Spotlight: ‘Jock Stewart and the Missing Sea of Fire’

“Small town hi-jinks delivered with healthy doses of sarcasm and wit. Jock Stewart is like Guy Noir freed from the confines of public radio. A must-read for anyone who likes their sleuths hard-boiled, their women salty, and their plots with as many twists and turns as a plate of the Purple Platter Diner’s spaghetti.” – Nancy Whitney-Reiter

Less than five bucks on Kindle

Less than five bucks on Kindle

The Story: Jock Stewart is a fast-talking newspaper reporter who is on the trail of a missing racehorse named Sea of Fire. Will he find the horse or will the inept police department get in his way? And what about his girl friend Monique, the gossip columnist in the little black dress? None of this probably matters because, in a comedy/satire, nobody really expects everything to add up by the end of the book.

How it Starts: Jock Stewart woke up this morning with an industrial strength hangover. An empty Scotch bottle lay on the floor next to an empty little black dress that wasn’t his. Last night, a fair amount of Monique Starnes wore it at the newspaper’s office party. Her cleavage, more out than in, was deep enough to kidnap a man’s dreams. Now, there would be hell to pay.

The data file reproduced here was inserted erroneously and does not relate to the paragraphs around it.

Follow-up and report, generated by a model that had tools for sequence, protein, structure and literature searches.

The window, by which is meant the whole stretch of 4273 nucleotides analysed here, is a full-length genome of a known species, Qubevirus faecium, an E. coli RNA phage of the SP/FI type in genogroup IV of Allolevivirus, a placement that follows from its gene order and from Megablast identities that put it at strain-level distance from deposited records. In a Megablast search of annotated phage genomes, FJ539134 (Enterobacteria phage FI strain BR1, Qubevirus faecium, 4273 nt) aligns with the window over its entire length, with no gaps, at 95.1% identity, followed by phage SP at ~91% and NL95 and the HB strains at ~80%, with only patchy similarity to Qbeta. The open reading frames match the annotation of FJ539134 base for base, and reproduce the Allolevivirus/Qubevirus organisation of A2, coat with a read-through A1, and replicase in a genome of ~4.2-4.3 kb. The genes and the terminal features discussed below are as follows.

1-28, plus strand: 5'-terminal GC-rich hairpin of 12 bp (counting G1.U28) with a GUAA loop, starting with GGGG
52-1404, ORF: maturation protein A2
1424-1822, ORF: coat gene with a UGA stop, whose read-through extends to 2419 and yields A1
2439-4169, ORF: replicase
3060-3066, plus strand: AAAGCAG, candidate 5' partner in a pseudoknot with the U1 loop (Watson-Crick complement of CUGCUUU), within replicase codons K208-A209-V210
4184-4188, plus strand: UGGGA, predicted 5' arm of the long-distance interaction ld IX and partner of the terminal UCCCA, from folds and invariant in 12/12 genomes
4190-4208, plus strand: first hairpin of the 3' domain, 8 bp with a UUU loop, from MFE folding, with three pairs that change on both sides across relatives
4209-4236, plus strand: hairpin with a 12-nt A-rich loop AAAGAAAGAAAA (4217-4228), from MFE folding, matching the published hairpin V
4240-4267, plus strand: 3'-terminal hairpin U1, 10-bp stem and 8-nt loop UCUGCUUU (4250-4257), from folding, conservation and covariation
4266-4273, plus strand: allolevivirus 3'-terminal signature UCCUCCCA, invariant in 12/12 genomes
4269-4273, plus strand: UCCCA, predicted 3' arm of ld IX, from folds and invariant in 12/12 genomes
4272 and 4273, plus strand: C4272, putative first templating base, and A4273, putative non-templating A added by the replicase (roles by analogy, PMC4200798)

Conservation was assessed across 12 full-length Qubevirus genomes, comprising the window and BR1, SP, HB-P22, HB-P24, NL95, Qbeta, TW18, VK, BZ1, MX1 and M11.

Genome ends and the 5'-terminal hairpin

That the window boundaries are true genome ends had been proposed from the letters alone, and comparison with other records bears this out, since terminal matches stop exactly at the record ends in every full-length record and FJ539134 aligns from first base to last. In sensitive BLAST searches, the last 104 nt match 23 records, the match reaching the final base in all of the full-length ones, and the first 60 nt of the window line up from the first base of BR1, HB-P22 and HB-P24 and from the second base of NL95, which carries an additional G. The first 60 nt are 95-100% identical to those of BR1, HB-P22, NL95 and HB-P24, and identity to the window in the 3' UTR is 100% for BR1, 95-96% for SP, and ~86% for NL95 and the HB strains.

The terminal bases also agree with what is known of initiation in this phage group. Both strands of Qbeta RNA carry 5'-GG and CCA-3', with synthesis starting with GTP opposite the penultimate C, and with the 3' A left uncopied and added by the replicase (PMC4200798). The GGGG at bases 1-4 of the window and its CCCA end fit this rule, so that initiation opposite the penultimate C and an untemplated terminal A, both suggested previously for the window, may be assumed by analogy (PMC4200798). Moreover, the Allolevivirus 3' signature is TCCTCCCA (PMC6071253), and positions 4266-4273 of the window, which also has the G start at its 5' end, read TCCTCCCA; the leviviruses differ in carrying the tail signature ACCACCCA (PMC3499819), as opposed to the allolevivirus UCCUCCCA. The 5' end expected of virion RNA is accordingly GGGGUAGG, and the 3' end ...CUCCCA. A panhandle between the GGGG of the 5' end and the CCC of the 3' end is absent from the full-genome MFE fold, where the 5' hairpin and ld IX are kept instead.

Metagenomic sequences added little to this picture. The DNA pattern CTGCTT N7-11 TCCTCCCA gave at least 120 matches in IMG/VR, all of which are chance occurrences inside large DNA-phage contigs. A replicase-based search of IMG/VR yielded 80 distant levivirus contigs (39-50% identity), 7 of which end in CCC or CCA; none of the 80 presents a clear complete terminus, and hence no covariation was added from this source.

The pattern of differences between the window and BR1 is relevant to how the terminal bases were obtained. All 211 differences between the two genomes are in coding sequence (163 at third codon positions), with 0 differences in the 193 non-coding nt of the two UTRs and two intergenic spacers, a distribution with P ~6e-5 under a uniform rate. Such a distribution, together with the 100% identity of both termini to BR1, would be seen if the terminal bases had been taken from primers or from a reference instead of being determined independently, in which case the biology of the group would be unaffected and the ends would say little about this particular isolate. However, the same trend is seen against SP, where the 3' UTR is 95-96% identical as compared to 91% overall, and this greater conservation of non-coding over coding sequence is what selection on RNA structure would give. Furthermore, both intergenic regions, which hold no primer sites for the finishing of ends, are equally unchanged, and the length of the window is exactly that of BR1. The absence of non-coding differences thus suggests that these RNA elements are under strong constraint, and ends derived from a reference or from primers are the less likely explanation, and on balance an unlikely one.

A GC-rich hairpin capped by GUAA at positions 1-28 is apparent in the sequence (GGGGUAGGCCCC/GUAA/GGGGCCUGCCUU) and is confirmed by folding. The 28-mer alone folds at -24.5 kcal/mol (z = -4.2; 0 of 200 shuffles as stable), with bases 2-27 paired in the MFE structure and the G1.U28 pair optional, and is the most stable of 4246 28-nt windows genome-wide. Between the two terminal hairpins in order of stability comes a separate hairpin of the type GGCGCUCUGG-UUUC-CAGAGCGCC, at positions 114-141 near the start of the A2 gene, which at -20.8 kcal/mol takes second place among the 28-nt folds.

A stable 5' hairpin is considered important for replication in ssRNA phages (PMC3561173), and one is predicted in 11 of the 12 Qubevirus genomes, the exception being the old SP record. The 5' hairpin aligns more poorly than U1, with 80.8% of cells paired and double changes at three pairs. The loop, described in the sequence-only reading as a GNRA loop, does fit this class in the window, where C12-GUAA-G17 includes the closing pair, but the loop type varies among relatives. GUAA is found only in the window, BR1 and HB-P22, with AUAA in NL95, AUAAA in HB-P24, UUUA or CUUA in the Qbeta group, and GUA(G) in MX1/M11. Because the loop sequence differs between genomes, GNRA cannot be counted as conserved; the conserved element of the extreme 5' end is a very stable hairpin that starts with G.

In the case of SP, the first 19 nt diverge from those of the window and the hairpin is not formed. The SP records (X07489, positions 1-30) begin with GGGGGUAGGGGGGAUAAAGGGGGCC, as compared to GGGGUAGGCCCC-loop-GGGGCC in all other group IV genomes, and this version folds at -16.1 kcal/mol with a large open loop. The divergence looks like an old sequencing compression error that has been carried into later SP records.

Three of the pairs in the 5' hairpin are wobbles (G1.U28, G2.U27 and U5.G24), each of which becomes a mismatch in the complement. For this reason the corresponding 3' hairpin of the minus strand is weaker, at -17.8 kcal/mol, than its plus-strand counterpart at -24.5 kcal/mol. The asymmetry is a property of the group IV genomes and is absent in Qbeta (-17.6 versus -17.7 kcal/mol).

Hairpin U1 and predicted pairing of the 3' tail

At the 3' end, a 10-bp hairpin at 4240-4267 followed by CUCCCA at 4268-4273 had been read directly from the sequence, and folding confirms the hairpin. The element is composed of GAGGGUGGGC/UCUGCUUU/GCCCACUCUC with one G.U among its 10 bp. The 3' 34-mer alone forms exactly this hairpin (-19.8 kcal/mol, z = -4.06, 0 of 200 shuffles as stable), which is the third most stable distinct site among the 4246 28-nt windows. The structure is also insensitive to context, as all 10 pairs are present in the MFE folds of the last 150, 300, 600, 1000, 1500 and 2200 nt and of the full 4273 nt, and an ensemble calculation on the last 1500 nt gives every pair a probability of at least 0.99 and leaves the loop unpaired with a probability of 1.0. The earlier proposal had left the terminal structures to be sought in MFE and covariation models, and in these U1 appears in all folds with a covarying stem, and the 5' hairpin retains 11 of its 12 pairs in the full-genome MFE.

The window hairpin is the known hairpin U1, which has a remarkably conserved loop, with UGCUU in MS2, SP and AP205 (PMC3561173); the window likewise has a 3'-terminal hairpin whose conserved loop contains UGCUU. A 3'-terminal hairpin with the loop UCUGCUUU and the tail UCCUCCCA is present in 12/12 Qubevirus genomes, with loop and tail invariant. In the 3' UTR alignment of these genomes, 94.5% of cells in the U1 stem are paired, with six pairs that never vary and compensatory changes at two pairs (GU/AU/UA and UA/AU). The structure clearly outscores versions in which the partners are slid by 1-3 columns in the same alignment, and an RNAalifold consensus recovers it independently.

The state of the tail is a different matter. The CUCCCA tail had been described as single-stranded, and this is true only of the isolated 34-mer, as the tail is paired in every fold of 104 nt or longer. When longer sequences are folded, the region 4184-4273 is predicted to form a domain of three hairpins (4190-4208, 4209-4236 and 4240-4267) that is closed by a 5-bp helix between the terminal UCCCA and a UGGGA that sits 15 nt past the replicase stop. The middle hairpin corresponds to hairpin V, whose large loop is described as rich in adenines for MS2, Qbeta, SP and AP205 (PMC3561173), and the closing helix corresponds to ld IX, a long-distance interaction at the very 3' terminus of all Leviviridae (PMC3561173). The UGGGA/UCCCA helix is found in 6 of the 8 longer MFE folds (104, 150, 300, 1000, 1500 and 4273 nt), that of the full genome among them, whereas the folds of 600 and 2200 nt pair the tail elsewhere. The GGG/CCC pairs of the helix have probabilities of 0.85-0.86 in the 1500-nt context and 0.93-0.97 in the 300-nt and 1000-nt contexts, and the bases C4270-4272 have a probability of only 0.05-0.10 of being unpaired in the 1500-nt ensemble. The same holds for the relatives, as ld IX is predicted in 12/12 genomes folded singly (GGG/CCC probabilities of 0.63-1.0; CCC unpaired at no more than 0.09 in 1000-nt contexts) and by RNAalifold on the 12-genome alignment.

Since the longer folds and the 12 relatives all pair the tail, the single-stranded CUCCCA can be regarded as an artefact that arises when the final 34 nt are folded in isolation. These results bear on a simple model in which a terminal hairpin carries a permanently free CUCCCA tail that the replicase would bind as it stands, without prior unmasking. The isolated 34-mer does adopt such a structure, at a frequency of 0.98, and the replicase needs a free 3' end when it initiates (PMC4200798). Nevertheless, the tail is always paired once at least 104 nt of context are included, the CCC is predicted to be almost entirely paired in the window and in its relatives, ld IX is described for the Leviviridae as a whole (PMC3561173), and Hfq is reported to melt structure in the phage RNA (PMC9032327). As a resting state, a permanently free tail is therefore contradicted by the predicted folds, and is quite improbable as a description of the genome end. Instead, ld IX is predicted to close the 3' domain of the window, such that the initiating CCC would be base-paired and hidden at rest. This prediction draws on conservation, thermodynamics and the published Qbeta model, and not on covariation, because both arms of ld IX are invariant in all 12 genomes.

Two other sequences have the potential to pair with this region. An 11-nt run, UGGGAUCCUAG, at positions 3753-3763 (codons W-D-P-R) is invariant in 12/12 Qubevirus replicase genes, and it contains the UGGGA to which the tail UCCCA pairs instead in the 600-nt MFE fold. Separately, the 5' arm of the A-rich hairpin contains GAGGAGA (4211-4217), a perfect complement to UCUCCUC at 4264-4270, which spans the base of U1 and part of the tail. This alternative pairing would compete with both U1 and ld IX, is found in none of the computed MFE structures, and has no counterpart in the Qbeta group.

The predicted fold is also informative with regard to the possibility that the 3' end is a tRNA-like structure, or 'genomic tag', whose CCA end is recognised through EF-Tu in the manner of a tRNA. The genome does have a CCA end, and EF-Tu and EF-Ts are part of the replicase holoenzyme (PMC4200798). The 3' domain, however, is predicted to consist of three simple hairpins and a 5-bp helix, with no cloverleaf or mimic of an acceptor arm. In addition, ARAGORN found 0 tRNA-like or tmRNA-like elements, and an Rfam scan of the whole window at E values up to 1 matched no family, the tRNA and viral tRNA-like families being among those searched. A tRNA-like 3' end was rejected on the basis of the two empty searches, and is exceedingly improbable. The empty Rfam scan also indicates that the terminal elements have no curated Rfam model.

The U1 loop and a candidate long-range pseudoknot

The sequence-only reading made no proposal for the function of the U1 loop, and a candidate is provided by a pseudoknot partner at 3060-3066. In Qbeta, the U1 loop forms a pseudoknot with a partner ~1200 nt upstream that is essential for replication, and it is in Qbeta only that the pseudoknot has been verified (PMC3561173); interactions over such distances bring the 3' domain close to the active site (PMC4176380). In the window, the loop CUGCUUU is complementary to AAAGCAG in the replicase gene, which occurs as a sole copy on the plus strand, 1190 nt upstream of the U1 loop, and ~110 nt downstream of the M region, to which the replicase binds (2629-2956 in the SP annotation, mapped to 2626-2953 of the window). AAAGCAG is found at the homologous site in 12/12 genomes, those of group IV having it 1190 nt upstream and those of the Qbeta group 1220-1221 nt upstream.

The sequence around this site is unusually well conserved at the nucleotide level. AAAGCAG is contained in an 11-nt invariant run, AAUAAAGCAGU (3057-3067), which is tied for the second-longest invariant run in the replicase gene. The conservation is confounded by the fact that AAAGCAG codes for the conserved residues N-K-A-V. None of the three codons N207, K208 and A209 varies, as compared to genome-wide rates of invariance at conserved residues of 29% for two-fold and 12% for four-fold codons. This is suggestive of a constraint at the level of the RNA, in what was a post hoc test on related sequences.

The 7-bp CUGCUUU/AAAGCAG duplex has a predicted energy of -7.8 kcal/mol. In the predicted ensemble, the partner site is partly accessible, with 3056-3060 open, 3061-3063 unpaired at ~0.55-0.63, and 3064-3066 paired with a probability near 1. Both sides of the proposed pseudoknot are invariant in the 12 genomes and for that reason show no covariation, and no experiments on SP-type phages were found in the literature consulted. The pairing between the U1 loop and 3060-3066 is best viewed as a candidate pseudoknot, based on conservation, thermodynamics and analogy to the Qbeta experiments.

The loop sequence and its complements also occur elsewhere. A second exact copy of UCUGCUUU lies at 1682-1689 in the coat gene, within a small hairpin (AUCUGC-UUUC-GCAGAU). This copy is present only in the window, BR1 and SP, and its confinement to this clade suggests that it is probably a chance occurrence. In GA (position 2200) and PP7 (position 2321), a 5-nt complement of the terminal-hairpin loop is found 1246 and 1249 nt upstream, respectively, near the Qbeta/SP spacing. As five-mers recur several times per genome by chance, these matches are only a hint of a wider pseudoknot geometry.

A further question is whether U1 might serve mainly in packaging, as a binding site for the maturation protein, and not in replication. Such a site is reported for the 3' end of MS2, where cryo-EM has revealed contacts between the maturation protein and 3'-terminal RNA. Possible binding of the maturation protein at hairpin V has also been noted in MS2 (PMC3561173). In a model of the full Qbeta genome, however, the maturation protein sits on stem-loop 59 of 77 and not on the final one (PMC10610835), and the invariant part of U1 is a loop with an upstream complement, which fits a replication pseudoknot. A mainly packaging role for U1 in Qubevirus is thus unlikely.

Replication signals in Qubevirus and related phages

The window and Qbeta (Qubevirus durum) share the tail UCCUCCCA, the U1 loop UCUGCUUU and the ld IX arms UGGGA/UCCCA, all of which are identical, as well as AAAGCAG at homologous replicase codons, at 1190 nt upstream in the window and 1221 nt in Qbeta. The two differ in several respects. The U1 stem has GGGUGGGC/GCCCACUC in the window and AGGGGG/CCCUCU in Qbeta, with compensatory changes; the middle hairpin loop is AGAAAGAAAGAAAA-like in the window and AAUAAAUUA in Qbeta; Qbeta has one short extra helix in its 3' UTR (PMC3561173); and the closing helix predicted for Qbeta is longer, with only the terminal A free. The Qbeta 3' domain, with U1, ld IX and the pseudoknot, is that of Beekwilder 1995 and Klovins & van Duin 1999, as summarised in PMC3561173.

Food at the Purple Platter Restaurant: Smith leaned back in his chair, slightly reducing the smell of fish. Jock hadn’t eaten much of his meal anyhow since as best he could recall, most Denver omelet recipes didn’t include coffee grounds, cigarette ashes, and miscellaneous unidentified material that appeared to have come from a dustpan.

Some asshole dropped the omelet and scooped it back on the plate.

Or, you can listen while driving to work

Or, you can listen while driving to work

Clark Trail, the Mayor: According to randomly informed sources, the mayor presumed that when the former Muskrat & Company Factory, manufacturers of lead, arsenic and asbestos dinnerware since 1921, was selected as the county’s number-one EPA site, he had the perfect venue for handling “granny’s healthcare needs.”

Councilman Calvin Knox told reporters that the mayor’s venue was as “perfect as consigning granny to an ice floe and waiting for nature to take its course.”

Lucinda Trail, his Wife: She put her hand on his arm, guiding him to a circle of white, wrought-iron chairs in the patio at the west end of the house. There was water on the tile and the chairs appeared to have been recently washed. Obviously, she didn’t want him inside the house where, possibly, the mayor might be sprawled in a pool of blood in the foyer, caught in the act of sneaking out of the house for his tryst with Bambi or the Lady in Black. He wondered whether the headline should include TRAIL’S END or TRAIL MIX.

How it Ends: It was the kind of question most guys on the planet went their entire sorry lives without ever being asked.

Do you ware to read all the stuff in between these snippets? If you’re a Clark Trail kind of guy, you probably won’t. If you wear a little black dress, you probably will. At least, that’s my story and I’m sticking to it.


2 thoughts on “Spotlight: ‘Jock Stewart and the Missing Sea of Fire’

Comments are closed.